2012 - %3, August

Bostonians Freak Out About Mural Because..SHARIAHH!

| Wed Aug. 8, 2012 12:12 PM EDT

On August 1, Boston's Institute of Contemporary Art unveiled this new mural on the side of a building on the Rose F. Kennedy Greenway:

Courtesy of Os GemeosCourtesy of Os GemeosThe mural depicts a boy in a pajamas with what looks like a jacket tied around his head. It accompanies a new exhibit by a Brazilian duo known as Os Gemeos. Maybe you see where this is going?

A vivid mural on the Rose F. Kennedy Greenway in Dewey Square is the subject of some controversy after Fox 25 aired a piece in which passersby told a reporter that the painting resembles a terrorist. The TV station then posted an image of the cartoonish figure on its Facebook page and invited people to comment on it. Several dozen people responded, many of them saying it looks like a Muslim terrorist and urging it be removed.

Or as another critic put it, "I don't care what it is 'supposed to be' or who the 'artist' is, it looks like a kid in his pajamas trying to look like an Al Quieda operative."

The city offers a helpful explanation of the mural, noting that Os Gemeos' characters "inhabit fantastical, dream-like landscapes of joy and color; other times we see them in more everyday situations—riding the subway, sitting at home with their families or, in the case of the figure on the Greenway mural, just peering at the busy city life unfolding below." Likewise, "The figures are frequently shown wearing whimsical hats, colorful hoods or scarves—another hallmark feature of the artists' work."

So, you know, this is a totally normal mural and everyone should take a deep breath and go back to freaking out about the Red Sox.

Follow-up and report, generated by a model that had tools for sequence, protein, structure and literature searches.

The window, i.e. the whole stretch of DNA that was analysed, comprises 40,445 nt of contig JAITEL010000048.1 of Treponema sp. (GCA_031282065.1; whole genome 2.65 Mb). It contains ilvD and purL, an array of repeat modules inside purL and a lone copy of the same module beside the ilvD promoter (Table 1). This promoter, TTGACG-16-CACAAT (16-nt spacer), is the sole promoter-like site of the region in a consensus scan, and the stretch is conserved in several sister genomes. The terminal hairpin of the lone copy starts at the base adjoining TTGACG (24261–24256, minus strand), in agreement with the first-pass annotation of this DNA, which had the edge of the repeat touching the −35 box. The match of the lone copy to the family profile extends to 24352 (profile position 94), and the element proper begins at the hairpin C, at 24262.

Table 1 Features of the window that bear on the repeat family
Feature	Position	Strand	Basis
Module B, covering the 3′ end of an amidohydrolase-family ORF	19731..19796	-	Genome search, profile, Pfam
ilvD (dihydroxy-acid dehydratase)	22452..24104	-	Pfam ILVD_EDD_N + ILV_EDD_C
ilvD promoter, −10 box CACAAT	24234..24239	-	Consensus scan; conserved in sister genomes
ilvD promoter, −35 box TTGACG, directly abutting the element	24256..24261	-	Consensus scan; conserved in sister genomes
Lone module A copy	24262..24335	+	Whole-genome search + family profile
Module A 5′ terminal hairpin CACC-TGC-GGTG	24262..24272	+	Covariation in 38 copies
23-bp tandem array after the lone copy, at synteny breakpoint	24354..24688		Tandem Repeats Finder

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Tax Pandering Reaches Olympic Heights

| Wed Aug. 8, 2012 11:50 AM EDT

Matt Yglesias tells me something I didn't know today:

If they gave out awards for dumb new policy ideas, President Obama and Republican rising star Sen. Marco Rubio would both be medaling this week. Their achievements? Rubio’s completely pointless bill offering a tax break to recipients of Olympic medals and—even worse—the president’s decision to hop on the bandwagon rather than show the country he has a firmer grasp on the issues than his adversaries do.

....With the president now on board, there’s a good chance Rubio’s idea will become law. In fiscal terms, the change will be minuscule. In terms of fairness, it seems like a strange slight to winners of other kinds of prizes. Are Olympic medalists worthier than winners of the Nobel or Pulitzer prizes? And of course exempting all prize income from income tax could merely encourage all kinds of people to restructure their income as prizes. The J.P. Morgan Memorial Prize for Achievement in Investment Banking, anyone?

I knew about Rubio's ridiculously panderific bill, but I didn't know Obama had endorsed it. Aren't election years great? And what luck for (summer) Olympians that they're getting saturation TV coverage precisely 90 days ahead of an election framed largely around tax rates! The Nobel prize winners aren't so lucky, but who knows? October isn't so bad either. Maybe they can whomp up a nice PR campaign right around the time of the presidential debates. After all, Nobel prize winners have a much stronger claim to being "job creators" than a bunch of jocks.

We're Still at War: Photo of the Day for August 8, 2012

Wed Aug. 8, 2012 11:47 AM EDT